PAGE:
“We must make sure that he’s alone, or else rouse the rest of the camp,” said Bud excitedly. “Keep watch in every direction. I’ll turn slowly and get a look at him, and then turn back and pretend not to see him.”
This program was observed carefully for a minute or two. Meanwhile the spy crept closer and closer, crawling like a serpentine quadruped and making fairly good progress withal. At last, however, Bud decided that it was time for him to do something to put a stop to this proceeding.
Without giving his companion any warning as to his intention, he lifted the catapult eye-line high, pulled back the sling, in which all this time he had held a stone nearly half the size of a hen’s egg, and let it fly.
That the missile hit the mark hard was indicated, first, by the sound of the blow, itself, and, second, by the muffled cry of agony that followed. The next instant the victim, who seemed to be struggling to retain his “quadruped balance,” rolled over with a moan of impotent agony.
The Sling Shot Victim
“What’s the matter, boys?”
Mr. Perry appeared at the entrance of the tent with this question on his lips. The boys turned quickly, while Cub’s father advanced nearer to pursue his inquiry.
“I shot somebody,” Bud replied.
“Shot somebody!” Mr. Perry exclaimed. “What with?”
“This,” the boy answered, exhibiting his slingshot. “Some fellow was prowling around here and I thought it was time to stop him. He was standing in those bushes over there for a long time, and I suppose he thought he was fully concealed, but I saw him. Then he started to crawl up close to the tent, and I let him have a good solid, heavy stone. It went like a bullet—these rubbers are awful strong, and I pulled them way back.”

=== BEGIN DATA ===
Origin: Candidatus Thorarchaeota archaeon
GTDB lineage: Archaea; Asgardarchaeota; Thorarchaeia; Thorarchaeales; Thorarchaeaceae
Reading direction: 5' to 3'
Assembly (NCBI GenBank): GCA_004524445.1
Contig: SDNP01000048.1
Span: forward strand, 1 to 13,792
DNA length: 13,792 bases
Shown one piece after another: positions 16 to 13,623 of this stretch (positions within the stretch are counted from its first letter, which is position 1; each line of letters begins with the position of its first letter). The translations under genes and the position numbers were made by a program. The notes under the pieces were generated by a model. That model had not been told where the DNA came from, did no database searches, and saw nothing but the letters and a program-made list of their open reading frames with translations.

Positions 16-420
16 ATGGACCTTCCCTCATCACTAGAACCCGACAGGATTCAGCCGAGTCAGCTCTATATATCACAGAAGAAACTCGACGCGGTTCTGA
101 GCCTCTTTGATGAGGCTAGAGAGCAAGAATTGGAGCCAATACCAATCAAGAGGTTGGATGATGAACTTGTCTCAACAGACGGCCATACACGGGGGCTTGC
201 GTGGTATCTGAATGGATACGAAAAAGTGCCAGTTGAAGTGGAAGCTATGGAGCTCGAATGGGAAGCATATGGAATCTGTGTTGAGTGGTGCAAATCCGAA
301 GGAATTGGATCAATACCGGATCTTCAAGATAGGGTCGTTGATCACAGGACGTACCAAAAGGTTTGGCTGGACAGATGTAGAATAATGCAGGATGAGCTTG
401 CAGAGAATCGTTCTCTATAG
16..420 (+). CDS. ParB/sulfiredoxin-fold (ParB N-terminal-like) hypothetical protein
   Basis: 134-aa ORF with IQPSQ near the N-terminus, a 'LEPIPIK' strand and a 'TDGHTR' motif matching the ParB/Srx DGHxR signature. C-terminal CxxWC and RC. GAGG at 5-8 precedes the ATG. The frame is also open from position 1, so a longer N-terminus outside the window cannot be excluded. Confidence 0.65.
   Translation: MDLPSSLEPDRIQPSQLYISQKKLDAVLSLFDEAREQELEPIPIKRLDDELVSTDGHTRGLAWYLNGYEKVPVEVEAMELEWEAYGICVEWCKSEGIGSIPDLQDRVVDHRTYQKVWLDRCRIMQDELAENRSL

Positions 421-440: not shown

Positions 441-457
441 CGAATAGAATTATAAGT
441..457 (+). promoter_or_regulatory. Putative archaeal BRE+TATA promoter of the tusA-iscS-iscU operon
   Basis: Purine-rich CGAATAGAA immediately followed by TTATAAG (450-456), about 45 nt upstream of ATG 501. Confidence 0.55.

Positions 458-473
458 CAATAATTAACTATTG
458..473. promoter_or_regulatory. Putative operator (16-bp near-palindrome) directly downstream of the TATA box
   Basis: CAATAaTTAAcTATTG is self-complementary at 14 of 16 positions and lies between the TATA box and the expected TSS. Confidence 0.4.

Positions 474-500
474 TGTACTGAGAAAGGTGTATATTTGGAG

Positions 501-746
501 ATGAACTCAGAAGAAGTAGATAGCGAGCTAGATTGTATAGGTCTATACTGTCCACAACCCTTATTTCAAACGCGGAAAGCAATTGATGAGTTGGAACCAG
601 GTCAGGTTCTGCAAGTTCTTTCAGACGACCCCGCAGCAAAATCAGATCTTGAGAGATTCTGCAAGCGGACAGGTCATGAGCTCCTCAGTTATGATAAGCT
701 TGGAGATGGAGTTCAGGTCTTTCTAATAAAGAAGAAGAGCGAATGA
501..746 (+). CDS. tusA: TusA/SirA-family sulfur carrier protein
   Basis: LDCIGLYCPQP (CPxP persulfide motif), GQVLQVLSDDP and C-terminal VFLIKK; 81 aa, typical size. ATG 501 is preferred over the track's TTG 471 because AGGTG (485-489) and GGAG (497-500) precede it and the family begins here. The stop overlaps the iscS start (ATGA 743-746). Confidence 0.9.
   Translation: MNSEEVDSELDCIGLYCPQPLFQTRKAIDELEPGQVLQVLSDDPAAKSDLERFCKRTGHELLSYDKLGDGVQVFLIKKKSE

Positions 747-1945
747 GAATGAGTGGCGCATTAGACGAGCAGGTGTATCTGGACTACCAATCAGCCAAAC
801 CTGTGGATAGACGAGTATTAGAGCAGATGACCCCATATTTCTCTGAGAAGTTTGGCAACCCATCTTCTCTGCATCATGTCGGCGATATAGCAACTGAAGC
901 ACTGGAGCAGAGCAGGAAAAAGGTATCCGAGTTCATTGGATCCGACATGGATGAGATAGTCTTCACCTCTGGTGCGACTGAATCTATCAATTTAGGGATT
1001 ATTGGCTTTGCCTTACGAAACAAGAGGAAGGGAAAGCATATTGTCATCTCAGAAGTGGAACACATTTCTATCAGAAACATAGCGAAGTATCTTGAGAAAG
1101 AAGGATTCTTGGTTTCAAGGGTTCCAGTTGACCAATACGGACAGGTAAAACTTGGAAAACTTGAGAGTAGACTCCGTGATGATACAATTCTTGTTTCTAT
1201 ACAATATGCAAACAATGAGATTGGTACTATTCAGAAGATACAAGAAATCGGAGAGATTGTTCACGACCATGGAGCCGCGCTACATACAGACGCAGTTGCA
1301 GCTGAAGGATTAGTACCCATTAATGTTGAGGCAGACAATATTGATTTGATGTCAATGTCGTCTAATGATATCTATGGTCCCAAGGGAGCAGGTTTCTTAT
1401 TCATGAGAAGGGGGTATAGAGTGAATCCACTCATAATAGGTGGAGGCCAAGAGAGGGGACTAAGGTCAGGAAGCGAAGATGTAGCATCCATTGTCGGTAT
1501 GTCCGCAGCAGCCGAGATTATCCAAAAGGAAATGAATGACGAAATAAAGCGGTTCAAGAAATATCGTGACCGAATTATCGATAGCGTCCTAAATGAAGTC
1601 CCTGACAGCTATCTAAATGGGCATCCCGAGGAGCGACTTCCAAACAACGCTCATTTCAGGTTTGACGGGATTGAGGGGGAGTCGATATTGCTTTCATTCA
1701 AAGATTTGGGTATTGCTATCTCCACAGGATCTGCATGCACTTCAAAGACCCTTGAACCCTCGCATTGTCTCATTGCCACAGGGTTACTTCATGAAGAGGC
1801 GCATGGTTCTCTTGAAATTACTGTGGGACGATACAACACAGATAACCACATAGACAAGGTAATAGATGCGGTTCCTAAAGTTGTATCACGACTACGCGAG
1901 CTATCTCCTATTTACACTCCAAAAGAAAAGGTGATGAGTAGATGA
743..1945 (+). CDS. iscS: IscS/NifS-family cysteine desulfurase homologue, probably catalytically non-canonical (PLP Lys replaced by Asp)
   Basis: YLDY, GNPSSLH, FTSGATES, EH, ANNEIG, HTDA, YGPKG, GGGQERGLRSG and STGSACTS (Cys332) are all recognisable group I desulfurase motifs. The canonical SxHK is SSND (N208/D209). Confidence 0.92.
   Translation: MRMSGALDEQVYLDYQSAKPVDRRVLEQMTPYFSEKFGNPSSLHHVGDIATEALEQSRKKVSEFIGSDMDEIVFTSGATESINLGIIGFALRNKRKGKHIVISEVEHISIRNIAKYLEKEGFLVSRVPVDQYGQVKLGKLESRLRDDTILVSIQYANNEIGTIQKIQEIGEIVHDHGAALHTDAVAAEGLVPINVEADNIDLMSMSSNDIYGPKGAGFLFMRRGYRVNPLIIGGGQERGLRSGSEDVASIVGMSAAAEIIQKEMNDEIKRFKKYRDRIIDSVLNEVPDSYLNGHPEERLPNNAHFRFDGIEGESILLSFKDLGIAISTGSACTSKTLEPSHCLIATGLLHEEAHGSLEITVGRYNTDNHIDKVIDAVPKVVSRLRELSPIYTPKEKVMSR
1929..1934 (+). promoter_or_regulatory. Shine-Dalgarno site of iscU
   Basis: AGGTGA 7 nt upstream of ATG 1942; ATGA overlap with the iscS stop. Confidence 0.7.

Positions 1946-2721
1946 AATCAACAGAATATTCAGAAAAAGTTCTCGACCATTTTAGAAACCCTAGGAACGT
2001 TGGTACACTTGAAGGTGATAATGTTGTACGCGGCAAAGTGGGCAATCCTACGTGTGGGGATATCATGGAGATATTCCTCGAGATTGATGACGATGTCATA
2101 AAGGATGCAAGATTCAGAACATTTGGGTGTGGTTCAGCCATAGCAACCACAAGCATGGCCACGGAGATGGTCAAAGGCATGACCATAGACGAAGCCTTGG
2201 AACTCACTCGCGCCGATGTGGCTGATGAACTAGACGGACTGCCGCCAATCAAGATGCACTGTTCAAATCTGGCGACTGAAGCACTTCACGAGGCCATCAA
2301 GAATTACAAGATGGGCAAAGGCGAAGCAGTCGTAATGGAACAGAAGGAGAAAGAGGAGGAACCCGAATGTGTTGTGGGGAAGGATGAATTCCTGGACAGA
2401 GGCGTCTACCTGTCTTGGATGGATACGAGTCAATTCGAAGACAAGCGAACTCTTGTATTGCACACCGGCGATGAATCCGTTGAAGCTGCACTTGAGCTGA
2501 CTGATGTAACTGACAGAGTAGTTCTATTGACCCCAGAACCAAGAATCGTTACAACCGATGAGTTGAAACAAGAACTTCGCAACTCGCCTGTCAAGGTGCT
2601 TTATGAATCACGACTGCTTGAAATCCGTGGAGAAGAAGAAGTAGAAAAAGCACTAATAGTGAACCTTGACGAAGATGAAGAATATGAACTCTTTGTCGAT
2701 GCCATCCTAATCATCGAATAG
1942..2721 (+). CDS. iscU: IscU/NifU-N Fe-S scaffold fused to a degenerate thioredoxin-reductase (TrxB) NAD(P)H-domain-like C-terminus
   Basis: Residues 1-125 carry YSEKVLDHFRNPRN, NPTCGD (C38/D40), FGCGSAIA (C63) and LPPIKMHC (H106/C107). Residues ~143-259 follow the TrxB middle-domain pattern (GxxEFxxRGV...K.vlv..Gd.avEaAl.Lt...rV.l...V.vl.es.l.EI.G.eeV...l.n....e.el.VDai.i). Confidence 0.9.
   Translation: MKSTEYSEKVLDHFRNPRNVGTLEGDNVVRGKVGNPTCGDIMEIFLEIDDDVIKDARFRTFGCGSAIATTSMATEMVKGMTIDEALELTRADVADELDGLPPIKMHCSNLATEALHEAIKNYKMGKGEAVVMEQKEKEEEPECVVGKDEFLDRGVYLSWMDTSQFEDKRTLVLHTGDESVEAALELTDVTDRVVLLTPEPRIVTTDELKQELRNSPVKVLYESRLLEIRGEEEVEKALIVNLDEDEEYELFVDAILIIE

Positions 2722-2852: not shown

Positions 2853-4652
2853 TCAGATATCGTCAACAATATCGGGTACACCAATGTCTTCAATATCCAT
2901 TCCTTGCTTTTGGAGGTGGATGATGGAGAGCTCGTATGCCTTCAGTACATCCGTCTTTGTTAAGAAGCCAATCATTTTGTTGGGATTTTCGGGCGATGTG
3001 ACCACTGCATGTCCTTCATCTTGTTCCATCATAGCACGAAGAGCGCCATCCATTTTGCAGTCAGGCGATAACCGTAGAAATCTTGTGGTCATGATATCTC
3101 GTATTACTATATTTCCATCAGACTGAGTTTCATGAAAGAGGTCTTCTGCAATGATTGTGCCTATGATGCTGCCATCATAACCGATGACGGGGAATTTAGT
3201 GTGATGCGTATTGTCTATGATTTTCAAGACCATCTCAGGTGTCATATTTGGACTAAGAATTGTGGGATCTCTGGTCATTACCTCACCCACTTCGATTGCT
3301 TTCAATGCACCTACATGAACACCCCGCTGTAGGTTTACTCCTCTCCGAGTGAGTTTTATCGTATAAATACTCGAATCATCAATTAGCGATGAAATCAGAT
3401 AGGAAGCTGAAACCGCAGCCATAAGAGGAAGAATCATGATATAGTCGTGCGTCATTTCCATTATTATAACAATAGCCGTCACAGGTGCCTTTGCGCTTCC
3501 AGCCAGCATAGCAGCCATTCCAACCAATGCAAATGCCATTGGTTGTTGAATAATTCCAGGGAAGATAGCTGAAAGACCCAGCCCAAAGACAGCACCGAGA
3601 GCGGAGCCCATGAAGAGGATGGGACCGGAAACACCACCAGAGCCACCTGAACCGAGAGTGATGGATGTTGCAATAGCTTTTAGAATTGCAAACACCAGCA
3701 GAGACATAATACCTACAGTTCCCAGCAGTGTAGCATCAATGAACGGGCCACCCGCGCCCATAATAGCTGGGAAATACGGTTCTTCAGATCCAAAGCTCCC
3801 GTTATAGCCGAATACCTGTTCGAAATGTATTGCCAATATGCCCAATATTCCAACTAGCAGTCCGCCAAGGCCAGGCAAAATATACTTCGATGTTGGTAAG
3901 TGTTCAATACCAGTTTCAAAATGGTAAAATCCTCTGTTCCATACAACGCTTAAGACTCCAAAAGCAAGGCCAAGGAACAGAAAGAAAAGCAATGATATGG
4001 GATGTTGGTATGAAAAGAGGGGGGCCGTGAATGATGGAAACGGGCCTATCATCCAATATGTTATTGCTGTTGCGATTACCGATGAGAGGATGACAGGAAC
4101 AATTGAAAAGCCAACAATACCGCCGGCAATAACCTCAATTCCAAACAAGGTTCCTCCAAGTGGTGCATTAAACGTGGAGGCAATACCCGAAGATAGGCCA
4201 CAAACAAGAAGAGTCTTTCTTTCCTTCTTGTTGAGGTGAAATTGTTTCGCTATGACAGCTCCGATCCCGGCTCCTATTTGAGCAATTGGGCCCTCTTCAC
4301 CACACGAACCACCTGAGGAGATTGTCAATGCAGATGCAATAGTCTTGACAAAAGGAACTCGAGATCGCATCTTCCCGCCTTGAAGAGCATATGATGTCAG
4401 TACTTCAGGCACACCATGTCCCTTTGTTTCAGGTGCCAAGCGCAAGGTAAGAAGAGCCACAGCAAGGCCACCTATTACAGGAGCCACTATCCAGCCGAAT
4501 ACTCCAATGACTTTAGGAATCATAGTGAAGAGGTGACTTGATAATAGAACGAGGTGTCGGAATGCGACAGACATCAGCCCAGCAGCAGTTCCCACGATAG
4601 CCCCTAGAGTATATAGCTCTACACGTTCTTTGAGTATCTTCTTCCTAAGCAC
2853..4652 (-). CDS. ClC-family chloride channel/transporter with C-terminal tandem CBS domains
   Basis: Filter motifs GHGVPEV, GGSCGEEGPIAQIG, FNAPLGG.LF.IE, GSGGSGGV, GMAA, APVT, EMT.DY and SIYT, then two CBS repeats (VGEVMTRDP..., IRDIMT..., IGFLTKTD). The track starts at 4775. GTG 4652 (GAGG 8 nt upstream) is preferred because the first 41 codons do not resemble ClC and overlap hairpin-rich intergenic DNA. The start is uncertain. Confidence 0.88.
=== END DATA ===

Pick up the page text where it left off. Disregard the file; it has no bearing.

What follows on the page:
“He isn’t killed; he’s crawling away,” Max interrupted at this point.
“We mustn’t allow that,” declared Bud. “We must find out who he is and what he was up to.”
Just then Hal and Cub appeared on the scene, and a few words sufficed to explain to them what had occurred. All of the campers on retiring had kept on their day clothes, in order that they might be ready for action in case of trouble in the night.
“Come on, we must stop him,” Cub announced.
This seemed to be the opinion of all, including Mr. Perry, and a general move was made in the direction of the slowly retreating injured spy. They soon overtook him and threw a flood of illumination about him with their search-lights, which they had picked up in the dark almost as instinctively as a grandmother picks up her glasses in the morning.
“Why, he’s a boy!”
Bud was the only one present who gave utterance to this discovery aloud, but the “exclamation” flashed mentally in the head of every other youthful investigator in the group. As Mr. Perry was not easily mystified, we must take it for granted that he was not easily astonished, so that probably he did not feel like giving vent to anything of the nature of an exclamation.